Whole Notes

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In part two of the Whole Notes interview with Burlap To Cashmere lead singer Steven Delopoulos, he talks about how his cousin’s near-death experience impacted him, how his faith has evolved and how the band has dealt with bouncing back and forth between different audiences and markets:

Bonham: How did John’s near-death experience test your faith?

Steven Delopoulos (second from right) and his Burlap To Cashmere bandmates (Photo by Chris Phelps)

Delopoulos: I’d lost a grandfather within the past five years and had experiences of illness and then my cousin got hurt. That’s a tough question and a very deep question and it’s not simple to answer because faith is an evolution. It’s really something that, when you get tested like that, it’s hard to see what that is and put it into words right away. God is not that simple, yet God is that simple. God is love, period. God is love. And how do you experience love when a family member is hurt? It doesn’t test your faith. You’re not thinking on those terms. You’re just thinking, “Is he gonna live? Is he gonna die?” You’re thinking about how you’re going to comfort his sister Nicole. You’re thinking “How do I comfort his mother Jean?” You’re thinking these things. You’re not thinking, “Wow, my faith is being tested.” But looking back, it’s been part of this evolution of coming back into a faith-based program for me personally. I can’t speak for the guys. I can’t speak overall and put a stamp on it. That wouldn’t be fair to the guys. But for me, that was definitely a turning point. But there have been lots of turning points for my faith and my growth in my faith.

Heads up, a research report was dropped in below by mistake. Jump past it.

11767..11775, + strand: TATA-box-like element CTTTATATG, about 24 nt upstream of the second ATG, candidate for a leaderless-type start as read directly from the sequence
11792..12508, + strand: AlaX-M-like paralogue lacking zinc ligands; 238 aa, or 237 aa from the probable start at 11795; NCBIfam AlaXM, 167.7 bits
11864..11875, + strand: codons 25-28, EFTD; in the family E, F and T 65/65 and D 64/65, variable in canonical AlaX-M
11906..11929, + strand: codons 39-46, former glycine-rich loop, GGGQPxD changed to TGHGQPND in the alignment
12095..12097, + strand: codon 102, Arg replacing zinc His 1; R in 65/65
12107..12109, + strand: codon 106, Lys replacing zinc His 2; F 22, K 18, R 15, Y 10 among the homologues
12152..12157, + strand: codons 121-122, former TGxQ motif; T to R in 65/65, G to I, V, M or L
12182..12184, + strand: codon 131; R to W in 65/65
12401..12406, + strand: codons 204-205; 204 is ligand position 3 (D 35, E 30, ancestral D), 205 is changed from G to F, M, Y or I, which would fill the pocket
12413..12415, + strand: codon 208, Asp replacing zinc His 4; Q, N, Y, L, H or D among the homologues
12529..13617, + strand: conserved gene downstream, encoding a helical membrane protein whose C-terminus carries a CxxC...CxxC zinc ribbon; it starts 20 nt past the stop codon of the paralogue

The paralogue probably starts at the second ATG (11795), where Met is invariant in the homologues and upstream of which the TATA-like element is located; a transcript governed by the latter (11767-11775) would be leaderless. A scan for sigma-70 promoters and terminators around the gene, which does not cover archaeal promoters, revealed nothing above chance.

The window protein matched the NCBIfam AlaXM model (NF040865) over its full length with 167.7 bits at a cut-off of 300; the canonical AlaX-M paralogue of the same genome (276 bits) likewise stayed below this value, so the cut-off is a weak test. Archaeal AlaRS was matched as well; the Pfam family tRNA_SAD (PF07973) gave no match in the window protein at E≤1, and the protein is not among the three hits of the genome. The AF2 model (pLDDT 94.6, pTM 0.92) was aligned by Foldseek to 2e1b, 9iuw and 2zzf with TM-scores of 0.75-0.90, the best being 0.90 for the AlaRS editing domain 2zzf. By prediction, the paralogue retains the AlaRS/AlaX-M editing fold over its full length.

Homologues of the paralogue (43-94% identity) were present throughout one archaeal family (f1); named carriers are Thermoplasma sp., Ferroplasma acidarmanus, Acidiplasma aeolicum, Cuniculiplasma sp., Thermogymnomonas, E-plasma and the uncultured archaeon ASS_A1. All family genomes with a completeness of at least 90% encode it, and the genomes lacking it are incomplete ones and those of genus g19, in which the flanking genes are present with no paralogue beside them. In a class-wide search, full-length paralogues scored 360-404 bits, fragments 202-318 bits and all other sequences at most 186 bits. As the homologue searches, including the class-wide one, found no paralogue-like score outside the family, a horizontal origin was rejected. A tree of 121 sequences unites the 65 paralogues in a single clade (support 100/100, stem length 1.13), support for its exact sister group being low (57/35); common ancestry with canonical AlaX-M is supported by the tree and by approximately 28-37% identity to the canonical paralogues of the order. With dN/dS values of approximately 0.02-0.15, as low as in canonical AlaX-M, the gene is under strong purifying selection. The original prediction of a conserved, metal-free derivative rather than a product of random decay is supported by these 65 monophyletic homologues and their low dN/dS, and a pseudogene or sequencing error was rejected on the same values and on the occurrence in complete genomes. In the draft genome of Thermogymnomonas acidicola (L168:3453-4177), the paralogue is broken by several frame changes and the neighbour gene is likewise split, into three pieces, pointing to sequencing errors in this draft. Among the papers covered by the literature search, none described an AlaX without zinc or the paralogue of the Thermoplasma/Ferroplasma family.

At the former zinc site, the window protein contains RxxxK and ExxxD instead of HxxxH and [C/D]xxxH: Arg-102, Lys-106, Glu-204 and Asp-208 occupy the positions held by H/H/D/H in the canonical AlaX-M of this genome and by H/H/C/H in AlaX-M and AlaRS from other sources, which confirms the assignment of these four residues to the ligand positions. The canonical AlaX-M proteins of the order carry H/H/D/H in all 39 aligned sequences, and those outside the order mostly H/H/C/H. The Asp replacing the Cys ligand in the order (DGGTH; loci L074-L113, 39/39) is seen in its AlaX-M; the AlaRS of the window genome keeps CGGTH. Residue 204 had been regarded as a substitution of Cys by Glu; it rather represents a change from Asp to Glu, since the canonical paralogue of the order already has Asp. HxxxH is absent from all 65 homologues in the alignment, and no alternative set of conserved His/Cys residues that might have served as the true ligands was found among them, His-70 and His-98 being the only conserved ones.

Bonham: That’s something that takes years to assess, I would think.

Delopoulos: Exactly. Exactly. But yeah, faith is a big part of the way I write. It’s sort of a reflection of Christ within. It’s a reflection of experience. But it’s not an intellectual decision. It’s just something you feel and it’s something you express. When you’re in a situation where a family member’s gonna die, to be honest with you, the last thing you’re thinking about is prayer, even though I did pray. I mean, all I saw was horror. Sometimes that’s okay. It’s okay to go through that process because then you really do grow. You grow from pain. You grow from fear. But you never want to go there again. It was a lesson. Thanks for reminding me.